Amazon plans three new data centres for north Dublin

New data centres at Mulhuddart campus would mean retailer would have six such facilities on the site

Amazon has lodged plans for three new data centres at its data centre campus to the north of Mulhuddart in north Dublin. This would bring to six the total number of data centres on the site.

On behalf of Amazon, Universal Developers LLC lodged plans with Fingal County Council for the three new buildings with a combined power load of 73MW for the Amazon Web Services (AWS) data centre campus on a 65-acre land holding at Cruiserath Road, Dublin 15.

Third parties have until January 30th to make submissions on the project. The sole objector to date, Mannix Coyne of Bracetown, Clonee, Co Meath, has stated that the 607,523 tonnes of CO2 emissions from the data campus alone “would represent 1 per cent of Ireland’s total greenhouse gas emissions, a staggering figure for a single development”.

Planning consultant for the scheme, John Spain and Associates, said one data centre is already operational at the campus, while construction work continues on two others.


An Environmental Impact Statement (EIS) lodged with the new plan stated that permitted development and future indicative development at the data campus will consume 219.7MW in power and produce 607,523 tonnes of CO2 per year.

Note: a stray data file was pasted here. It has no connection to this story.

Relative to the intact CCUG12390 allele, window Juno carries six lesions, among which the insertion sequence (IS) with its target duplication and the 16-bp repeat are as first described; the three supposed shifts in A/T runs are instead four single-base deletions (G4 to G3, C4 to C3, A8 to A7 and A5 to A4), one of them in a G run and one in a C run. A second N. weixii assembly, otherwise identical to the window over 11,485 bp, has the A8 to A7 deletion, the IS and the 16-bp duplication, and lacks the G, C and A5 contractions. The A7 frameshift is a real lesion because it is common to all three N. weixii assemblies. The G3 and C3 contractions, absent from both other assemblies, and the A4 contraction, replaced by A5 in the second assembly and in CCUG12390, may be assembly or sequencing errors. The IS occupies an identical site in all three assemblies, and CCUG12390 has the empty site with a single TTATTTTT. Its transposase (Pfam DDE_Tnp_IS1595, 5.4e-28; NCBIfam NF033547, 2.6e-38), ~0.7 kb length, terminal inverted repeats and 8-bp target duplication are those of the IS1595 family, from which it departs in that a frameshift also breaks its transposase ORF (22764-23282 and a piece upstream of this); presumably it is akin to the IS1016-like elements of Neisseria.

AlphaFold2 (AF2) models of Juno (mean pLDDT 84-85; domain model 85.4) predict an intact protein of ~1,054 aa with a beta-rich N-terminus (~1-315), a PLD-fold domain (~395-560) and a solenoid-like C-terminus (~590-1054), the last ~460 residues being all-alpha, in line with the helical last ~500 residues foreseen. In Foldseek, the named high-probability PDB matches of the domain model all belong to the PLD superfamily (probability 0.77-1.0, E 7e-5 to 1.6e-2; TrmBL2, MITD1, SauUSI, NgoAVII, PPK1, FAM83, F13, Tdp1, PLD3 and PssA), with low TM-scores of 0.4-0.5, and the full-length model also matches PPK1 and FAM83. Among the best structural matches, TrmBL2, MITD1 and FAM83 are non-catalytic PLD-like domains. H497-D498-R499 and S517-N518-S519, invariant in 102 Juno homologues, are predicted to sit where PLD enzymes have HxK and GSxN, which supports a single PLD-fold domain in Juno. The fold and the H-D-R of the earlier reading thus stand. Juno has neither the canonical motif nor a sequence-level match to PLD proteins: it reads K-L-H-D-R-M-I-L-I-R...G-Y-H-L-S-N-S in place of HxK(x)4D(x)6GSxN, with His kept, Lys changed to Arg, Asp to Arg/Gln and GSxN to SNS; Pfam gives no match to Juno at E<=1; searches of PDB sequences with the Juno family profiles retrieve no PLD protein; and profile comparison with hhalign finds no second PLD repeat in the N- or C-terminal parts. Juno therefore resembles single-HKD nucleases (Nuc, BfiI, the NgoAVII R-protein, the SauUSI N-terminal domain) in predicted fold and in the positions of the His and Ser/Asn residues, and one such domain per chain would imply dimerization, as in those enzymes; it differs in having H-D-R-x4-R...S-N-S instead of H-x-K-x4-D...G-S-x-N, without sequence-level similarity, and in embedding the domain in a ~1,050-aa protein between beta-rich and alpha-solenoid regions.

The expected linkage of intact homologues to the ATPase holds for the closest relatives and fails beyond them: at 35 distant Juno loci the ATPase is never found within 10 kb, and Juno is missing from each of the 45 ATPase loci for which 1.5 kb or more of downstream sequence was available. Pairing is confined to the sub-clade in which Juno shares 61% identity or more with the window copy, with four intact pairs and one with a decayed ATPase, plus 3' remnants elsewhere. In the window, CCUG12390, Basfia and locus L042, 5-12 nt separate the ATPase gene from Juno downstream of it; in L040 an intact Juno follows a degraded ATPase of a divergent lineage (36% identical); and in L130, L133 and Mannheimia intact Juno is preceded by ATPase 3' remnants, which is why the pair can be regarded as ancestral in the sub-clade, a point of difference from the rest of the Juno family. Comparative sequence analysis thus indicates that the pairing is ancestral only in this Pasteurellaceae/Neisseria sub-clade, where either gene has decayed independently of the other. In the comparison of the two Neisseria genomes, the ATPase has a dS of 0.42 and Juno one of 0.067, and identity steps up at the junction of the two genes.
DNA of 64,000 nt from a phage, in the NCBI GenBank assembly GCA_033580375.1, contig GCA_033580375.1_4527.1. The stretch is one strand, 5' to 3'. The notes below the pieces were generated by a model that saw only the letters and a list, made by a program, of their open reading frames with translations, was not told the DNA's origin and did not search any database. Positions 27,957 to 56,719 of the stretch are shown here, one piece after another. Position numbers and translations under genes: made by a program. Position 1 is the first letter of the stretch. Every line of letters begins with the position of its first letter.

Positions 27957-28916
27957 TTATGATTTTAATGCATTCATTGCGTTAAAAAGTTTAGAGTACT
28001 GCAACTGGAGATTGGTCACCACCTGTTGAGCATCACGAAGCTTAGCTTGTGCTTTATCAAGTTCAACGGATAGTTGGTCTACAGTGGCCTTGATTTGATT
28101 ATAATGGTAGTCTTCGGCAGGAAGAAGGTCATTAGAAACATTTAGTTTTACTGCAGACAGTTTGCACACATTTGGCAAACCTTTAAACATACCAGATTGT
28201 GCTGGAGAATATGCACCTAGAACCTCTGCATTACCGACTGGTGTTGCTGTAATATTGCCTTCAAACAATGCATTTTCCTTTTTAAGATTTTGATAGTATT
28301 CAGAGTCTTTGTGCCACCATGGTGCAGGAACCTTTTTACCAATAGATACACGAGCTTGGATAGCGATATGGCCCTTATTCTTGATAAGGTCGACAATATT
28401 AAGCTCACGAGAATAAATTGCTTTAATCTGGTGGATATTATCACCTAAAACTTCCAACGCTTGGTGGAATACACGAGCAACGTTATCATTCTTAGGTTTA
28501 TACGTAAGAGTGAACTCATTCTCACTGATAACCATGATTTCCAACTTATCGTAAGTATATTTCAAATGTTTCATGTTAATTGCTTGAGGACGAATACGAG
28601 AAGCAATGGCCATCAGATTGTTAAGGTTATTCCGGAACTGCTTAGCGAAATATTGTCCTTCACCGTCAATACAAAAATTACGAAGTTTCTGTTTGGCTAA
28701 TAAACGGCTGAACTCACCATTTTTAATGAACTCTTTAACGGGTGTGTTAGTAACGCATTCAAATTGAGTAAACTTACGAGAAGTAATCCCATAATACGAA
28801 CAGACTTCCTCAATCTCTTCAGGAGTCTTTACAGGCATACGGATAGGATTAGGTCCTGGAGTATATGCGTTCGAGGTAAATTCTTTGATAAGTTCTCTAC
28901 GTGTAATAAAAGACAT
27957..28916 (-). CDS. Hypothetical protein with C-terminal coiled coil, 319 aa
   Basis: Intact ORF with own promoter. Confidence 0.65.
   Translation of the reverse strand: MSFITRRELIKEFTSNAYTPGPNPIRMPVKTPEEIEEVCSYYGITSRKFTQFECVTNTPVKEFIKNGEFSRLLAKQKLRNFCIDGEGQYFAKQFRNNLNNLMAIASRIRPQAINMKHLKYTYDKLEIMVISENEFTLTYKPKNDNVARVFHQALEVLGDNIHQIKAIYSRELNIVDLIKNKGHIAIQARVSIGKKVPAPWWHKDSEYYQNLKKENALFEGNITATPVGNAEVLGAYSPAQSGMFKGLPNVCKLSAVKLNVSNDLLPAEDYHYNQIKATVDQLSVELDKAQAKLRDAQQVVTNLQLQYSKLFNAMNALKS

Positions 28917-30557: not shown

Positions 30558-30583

In planning documents lodged, Mr Spain said AWS directly invested €4.4 billion in the State between 2011 and 2020 and supports 8,700 jobs here.

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He added that the new data centres represent “a significant investment that will create additional, direct and indirect and induced economic and employment benefits”.

At peak, 400 construction workers will be involved in building the data centres, which will employ 50 when operational, the application said.

The EIS stated that Amazon’s three wind farm projects in Galway, Cork and Donegal are projected to deliver 229MW of renewable energy capacity each year and reduce carbon emissions by 366,000 tonnes of CO2. The planning document notes that “the operator has committed to off-take 100 per cent of the power from these renewable energy projects”. It continued: “Therefore, renewable energy sources will be used to provide electricity to the site, thereby reducing the indirect pollutant emissions from electricity generation.”

Mr Spain stated that the proposed data centres have a grid connection agreement from 2017 with Eirgrid for the site that allows for an increase of power to the site for each of the years 2022 to 2029. This would mean the new data centres would be able to obtain a grid connection.

Official figures showed data centres accounted for 14 per cent of all electricity demand in the Republic in 2021, with Eirgrid estimating they could account for 29 per cent by 2028.

Gordon Deegan

Gordon Deegan

Gordon Deegan is a contributor to The Irish Times